An animated whiteboard systematically debunking Greenpeace’s extreme rhetoric.

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Total time that Greenpeace
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fisheries & sustainability.
Friday, February 1st, 2019

In a world saturated with conflicting and confusing dietary advice there is remarkable expert consensus on one subject: Americans need to eat more seafood. Period.

So when click-bait articles pegged to the latest food fad or fringe diet peddle in dusty and debunked clichés about fish and mercury, the result is not just that readers are misled. Their health is actively endangered.

Reader’s Digest’s recent post [The Scary Reason You Shouldn’t Eat the Same Foods Every Day, by Emily Shiffer, 1/23/19] poses just such a threat. Ms. Shiffer tells readers it’s “scary” to eat too much of the same foods, and singles out tuna as specifically dangerous due to concerns over mercury. But there is no reason to limit tuna consumption due to mercuy, and indeed the only piece she cites in support, written by one of her own colleagues, doesn’t even mention tuna.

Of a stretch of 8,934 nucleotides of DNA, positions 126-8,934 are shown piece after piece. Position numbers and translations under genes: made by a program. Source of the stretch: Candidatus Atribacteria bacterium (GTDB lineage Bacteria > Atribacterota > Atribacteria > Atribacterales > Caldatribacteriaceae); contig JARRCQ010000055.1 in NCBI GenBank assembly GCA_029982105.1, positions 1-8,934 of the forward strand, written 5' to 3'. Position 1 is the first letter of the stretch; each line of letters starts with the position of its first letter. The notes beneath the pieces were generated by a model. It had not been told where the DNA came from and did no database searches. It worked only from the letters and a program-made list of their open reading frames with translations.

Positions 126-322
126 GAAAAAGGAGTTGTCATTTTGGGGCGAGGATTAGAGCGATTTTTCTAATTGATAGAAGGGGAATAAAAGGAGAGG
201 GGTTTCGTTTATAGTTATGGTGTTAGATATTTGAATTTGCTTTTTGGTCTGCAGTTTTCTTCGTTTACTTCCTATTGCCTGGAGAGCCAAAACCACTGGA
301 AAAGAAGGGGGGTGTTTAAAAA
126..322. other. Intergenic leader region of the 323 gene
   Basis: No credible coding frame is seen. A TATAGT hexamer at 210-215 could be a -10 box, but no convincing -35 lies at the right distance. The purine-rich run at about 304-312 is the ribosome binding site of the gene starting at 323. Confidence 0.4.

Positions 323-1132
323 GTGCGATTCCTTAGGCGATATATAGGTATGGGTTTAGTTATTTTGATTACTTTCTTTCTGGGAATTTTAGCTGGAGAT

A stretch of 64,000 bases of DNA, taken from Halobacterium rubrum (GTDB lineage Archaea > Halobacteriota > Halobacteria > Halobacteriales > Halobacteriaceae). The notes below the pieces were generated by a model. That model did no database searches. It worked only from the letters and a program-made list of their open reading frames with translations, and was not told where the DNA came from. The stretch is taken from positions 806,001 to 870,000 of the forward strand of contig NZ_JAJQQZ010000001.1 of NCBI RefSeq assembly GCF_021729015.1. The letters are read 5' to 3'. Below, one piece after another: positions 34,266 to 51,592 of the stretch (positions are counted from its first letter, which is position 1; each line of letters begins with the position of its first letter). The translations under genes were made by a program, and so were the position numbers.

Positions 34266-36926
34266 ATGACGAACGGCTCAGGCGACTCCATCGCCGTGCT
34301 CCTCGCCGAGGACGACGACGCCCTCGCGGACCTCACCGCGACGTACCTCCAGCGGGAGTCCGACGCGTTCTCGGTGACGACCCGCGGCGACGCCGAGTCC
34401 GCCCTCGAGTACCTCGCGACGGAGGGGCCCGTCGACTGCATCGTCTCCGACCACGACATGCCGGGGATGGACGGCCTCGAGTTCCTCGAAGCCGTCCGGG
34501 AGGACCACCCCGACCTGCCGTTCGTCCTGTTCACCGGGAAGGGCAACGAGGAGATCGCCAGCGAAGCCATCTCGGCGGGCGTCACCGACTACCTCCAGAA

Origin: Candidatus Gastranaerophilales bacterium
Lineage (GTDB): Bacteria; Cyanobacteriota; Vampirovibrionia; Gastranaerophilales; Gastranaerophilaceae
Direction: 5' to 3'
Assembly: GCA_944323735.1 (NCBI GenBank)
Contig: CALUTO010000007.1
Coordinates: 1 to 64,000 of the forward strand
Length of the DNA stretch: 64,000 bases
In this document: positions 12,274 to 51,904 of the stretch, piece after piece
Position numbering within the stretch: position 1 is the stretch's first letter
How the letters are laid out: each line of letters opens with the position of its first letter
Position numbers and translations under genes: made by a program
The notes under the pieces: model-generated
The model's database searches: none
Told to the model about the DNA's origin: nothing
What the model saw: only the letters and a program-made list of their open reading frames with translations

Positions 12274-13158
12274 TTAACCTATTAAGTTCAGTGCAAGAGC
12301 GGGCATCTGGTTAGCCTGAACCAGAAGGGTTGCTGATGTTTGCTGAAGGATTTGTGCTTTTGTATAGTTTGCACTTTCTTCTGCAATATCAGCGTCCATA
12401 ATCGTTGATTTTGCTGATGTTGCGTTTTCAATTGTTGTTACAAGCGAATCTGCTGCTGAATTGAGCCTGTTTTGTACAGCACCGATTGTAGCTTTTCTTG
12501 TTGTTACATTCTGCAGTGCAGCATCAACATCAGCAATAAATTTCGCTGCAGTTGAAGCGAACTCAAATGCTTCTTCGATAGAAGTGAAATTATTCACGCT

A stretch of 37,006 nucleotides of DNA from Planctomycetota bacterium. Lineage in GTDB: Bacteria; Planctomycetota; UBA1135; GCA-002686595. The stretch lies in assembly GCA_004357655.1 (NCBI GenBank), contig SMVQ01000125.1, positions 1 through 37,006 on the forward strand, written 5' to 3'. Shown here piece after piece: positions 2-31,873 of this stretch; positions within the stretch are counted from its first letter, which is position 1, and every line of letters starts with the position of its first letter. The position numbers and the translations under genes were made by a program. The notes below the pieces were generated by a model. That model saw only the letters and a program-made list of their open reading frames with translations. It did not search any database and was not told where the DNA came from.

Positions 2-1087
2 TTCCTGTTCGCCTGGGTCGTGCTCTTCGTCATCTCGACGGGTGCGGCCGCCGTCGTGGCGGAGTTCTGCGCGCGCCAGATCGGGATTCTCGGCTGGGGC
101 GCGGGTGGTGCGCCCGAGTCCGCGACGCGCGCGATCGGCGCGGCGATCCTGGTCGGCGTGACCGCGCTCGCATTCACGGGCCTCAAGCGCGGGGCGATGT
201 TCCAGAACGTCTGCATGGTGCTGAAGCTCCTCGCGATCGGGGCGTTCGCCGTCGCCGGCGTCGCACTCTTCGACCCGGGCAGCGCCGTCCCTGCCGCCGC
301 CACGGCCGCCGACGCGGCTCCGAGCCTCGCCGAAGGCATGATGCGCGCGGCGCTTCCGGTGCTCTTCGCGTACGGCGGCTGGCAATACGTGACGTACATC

The truth is that there has never been a case of mercury poisoning from normal consumption of commercial seafood recorded in any American medical journal. That’s right, zero cases.

Indeed, the FDA’s own analysis of more than 100 scientific studies on seafood concludes that the average person could eat canned tuna for breakfast, lunch, and dinner every day of the week without worry.

But many Americans aren’t getting that message because of click-bait articles like Ms. Shiffers. The FDA warns that most Americans are eating dangerously low amounts of seafood, a deficiency that contributes to nearly 84,000 preventable deaths each year. Another long-term study showed that children whose mothers had reduced their seafood intake during pregnancy had appreciably lower IQs.

Other agencies agree that more seafood consumption is needed. The Dietary Guidelines for Americans, for example, urge consumers to eat more fish and recommend tuna as a healthy option. The USDA too recommends that Americans eat at least 2-3 servings of seafood per week. That’s because seafood is rich in important nutrients, such as a vitamins B12 and D, iron, zinc, magnesium, phosphorous, selenium and beneficial omega-3s called EPA & DHA.

In the face of such overwhelming scientific evidence, unsupported and unsourced attacks on tuna are especially galling. Reader’s Digest owes its readers more, and we call on them to update their story with the real facts about tuna.

Posted by TFT-Staff

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